09.31 – When the Absolute Truth doesn’t speak the absolute truth
In the Bhagavad-gita (09.31), Krishna asks Arjuna to declare boldly that devotees will never perish. Erudite Gita commentators explain why Krishna asks Arjuna to make this declaration instead of making it himself.
Some people think that Krishna sometimes speaks untruths. For example, as a child, he would tell his mother that he hadn’t stolen butter, when in fact he had stolen it. Those with such doubts about Krishna’s truthfulness worry whether he will keep his word to always protect his devotees.
To set their fears to rest, Krishna asks Arjuna to make that declaration. The scriptures repeatedly illustrate how Krishna, out of his love for his devotees, ensures that their words turn out to be true. For example, in the Mahabharata war, Bhishma took the vow either to kill Arjuna or to compel Krishna to raise weapons for saving Arjuna. To save the life of Arjuna and the word of Bhishma, Krishna raised a chariot wheel to attack Bhishma, thereby breaking his own word that he would not raise weapons during the war.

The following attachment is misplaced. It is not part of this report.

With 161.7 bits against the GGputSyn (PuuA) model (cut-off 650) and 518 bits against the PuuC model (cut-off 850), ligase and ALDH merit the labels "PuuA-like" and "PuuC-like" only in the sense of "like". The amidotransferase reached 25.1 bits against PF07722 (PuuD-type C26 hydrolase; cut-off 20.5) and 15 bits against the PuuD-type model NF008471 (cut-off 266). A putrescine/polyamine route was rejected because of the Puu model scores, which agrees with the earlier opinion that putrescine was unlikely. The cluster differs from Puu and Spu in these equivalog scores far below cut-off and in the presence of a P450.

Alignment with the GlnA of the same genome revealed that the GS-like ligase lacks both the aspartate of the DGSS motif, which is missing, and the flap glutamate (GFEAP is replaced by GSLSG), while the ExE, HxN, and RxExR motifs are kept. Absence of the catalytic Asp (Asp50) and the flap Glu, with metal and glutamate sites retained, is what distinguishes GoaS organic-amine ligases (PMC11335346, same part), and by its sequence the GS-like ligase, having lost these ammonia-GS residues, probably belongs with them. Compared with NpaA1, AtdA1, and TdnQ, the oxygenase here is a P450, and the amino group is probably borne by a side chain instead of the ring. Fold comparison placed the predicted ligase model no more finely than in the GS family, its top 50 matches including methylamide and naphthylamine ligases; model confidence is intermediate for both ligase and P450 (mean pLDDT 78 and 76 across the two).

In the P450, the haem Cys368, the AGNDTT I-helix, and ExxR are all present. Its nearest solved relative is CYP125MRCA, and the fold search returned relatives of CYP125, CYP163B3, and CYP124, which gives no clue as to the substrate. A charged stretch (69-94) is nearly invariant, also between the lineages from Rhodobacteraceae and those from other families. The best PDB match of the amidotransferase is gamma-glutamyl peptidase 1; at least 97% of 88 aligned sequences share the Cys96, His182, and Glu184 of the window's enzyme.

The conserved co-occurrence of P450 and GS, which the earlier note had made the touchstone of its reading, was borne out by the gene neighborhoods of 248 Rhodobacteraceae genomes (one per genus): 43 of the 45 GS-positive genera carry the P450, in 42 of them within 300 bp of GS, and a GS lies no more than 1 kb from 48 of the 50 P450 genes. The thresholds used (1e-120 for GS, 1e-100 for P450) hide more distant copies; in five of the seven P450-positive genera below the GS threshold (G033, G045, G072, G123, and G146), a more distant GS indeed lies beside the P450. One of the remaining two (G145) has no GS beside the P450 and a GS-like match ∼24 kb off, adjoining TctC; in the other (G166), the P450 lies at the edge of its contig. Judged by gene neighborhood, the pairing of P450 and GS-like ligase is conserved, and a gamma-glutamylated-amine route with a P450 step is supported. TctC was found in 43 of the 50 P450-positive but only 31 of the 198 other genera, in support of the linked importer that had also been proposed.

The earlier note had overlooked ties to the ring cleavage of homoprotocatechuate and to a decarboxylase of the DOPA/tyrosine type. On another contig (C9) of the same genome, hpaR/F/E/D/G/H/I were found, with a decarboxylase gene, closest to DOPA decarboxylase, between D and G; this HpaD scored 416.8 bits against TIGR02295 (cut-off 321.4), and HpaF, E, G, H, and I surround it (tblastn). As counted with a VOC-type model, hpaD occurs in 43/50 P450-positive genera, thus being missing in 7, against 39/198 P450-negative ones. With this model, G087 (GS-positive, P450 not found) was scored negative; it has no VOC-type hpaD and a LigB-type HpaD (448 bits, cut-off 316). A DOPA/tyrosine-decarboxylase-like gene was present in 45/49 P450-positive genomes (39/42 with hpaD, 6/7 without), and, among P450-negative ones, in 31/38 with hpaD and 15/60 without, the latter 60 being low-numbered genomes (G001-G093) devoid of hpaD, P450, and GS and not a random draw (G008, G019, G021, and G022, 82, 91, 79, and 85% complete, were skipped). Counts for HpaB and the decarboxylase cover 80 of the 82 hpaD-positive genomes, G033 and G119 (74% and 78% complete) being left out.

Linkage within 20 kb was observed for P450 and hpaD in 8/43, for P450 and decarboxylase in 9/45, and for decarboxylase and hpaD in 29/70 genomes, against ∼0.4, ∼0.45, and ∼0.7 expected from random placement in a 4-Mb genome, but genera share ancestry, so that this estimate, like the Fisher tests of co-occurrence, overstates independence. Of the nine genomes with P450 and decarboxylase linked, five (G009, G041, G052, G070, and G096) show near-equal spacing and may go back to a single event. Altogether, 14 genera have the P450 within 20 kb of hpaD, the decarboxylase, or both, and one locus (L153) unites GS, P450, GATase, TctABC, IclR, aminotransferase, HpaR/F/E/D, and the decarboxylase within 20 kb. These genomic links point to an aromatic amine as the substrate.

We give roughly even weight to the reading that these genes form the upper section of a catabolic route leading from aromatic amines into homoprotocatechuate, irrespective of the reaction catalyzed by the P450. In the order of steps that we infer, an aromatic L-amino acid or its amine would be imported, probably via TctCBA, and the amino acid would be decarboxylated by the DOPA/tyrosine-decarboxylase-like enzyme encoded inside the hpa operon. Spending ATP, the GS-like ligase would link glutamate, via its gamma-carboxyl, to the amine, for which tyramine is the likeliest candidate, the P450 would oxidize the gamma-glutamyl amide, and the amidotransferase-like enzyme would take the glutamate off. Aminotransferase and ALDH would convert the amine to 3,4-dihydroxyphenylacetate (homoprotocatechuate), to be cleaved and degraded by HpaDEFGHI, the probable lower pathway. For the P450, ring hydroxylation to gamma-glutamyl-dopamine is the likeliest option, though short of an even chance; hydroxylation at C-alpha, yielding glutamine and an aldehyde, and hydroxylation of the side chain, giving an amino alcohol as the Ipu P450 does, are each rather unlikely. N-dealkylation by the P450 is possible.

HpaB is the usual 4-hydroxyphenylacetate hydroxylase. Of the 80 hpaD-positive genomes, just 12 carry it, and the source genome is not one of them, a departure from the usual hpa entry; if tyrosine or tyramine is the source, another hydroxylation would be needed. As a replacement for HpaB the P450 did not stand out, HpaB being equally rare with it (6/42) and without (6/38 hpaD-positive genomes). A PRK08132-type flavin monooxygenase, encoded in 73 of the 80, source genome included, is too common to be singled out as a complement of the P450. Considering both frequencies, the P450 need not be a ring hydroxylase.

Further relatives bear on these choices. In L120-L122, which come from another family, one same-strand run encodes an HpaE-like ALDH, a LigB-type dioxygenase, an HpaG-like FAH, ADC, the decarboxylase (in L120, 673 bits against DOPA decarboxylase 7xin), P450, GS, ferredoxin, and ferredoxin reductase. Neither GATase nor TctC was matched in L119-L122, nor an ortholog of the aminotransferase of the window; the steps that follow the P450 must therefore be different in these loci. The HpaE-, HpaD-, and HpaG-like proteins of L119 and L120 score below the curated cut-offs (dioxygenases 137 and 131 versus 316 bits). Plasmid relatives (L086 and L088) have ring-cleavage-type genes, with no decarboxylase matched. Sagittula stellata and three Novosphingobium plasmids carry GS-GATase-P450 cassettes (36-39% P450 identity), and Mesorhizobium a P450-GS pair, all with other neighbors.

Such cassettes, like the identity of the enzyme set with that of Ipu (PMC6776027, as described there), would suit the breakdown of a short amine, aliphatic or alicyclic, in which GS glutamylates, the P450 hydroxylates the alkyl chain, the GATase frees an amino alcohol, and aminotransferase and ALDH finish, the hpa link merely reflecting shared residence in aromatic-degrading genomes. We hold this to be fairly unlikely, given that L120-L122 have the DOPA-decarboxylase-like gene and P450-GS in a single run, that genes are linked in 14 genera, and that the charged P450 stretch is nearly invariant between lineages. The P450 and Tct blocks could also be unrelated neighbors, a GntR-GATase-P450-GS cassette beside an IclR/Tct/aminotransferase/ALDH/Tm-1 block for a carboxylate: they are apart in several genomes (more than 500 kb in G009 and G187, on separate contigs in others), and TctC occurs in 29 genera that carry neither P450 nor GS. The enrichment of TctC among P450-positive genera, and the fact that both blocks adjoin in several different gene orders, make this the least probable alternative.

How can Krishna, who is the Absolute Truth, not be absolutely truthful?
Actually, Krishna is absolutely truthful. But his truthfulness is based on a platform deeper than the ordinary – the platform of his undying, unfailing, unflinching love for all of us. Those blind to that love quibble about Krishna’s untruthfulness while participating in and perpetuating an existence founded on the falsity of the bodily misconception and the resulting illusory interactions.
To help us see beyond this illusion to the supreme reality of his love, Krishna sometimes speaks apparent untruths that actually express the truth of that absolute love. When our eyes open to that love, we understand that whatever Krishna speaks is the absolute truth – even when it doesn’t seem to be.